It’s fundamental – if you want a higher return on your capital you have to take more risk.
The risk-return tradeoff in financial markets has been around forever. What many in today’s global markets may have missed is that this fundamental principle doesn’t go away when you take on debt. Individual investors and government policy makers alike seem to think you can put borrowed capital to work without any additional risk.
The financial markets always find a way to correct this misunderstanding. Market volatility in Greece, China, and the United States points to the additional risk of using borrowed capital.
To understand the principle consider two businesses that are identical in all aspects except one. Firm A uses only investor’s capital to operate, while Firm B uses 50 percent debt. When Firm A earns 10 cents, each investor makes a 10 percent return on each dollar of their capital. Investors in Firm B, however, earn nearly 20 percent because they have less capital employed.
The problem arises when these businesses face a downturn. A 10 percent decline in earnings reduces Firm A’s capital by 10 percent, but reduces Firm B’s capital by more than 20 percent because the debt holders still need to be paid their interest.
What’s true for the investors in these hypothetical businesses is also true for entire economies that take on debt. The economic and investment outlook for the remainder of this year is heavily dependent on how the debt situations in Greece, China, and the United States play out.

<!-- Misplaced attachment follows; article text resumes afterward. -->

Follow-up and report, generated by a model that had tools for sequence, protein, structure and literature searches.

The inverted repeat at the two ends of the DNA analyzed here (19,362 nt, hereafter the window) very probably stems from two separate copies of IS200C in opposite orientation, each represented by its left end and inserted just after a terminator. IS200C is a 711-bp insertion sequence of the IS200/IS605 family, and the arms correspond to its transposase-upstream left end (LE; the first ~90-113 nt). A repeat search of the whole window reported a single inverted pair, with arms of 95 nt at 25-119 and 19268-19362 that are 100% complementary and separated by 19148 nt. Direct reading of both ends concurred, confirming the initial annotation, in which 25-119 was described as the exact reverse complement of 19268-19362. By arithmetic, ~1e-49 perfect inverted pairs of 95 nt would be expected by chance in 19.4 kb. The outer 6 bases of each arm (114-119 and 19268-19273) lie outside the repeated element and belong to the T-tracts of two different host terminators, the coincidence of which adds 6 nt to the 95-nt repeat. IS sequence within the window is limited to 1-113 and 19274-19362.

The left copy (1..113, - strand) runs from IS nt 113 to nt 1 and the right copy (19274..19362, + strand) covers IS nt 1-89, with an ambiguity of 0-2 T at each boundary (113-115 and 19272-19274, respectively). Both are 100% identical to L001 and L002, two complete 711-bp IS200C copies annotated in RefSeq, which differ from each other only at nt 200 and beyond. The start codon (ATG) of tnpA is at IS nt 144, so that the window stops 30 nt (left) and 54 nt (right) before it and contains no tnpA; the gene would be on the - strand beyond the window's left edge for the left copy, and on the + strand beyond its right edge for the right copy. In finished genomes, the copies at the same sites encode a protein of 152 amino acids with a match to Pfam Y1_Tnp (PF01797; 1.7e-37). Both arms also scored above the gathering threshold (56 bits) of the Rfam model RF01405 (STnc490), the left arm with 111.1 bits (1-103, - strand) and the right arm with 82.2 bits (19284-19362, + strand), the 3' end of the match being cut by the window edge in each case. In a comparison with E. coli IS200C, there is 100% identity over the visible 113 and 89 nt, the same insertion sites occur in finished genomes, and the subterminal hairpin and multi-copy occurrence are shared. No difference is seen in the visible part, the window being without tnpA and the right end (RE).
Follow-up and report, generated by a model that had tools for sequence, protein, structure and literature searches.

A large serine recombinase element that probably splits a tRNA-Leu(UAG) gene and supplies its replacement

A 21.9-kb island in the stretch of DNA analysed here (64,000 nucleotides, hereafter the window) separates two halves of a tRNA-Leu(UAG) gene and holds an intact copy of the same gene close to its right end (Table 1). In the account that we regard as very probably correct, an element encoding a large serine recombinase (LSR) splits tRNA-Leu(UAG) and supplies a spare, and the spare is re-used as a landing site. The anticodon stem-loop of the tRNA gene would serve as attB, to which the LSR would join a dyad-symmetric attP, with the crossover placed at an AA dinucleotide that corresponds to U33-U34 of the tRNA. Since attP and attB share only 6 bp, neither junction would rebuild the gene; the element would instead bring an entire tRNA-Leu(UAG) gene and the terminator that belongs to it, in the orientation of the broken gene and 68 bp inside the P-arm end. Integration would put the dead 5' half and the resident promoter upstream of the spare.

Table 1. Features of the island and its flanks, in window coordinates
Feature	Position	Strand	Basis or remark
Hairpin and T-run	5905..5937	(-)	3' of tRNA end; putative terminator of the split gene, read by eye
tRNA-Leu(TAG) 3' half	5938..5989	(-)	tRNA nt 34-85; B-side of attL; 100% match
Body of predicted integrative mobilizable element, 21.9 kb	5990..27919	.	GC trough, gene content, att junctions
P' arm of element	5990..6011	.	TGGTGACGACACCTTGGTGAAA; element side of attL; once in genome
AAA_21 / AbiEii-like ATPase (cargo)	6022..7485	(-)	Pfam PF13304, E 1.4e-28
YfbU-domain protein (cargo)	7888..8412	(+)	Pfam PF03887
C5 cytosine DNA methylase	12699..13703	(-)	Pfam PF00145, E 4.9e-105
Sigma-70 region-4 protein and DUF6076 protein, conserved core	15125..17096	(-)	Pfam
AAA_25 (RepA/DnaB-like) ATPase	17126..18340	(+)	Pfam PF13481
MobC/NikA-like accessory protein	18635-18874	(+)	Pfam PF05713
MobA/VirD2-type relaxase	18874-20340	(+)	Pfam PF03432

At the end of June the Greek government failed to make a scheduled debt payment to the International Monetary Fund. The government in Athens has clearly overextended itself, running excessive budget deficits for decades and promising generous pension benefits for its workers.
Historically, governments addressed debt problems by devaluing their currency. This is the biggest risk of the Greek crisis for all investors. If Greece decides to no longer use the Euro currency it should precipitate a fall in the value of the Euro and a corresponding rally in the value of the US dollar. Such exchange rate changes will likely lead to declines in both commodity and world stock prices.
The end of the June also saw financial market turmoil in China. The run-up in Shanghai stock prices over the past year was fueled in large part by borrowing on the part of small, individual investors who wanted to invest in the stock market. Then, when the market started to sell off in late June and early July the Chinese government responded with more cash for the state-backed margin financing entity — China Securities Financing Corporation (CSFC). The CSFC lends funds to brokerage firms for the specific purpose of lending to investors for stock purchases.
China’s overall debt load is now nearly three times its annual economic outputiii. The country could also try to devalue its currency in response, but the Chinese government has officially stated otherwise. The government announced earlier this year it would like its currency, the Yuan, to become what is known as a reserve currency. When more institutions around the world hold a currency in reserve that country benefits from more trade and lower interest rates.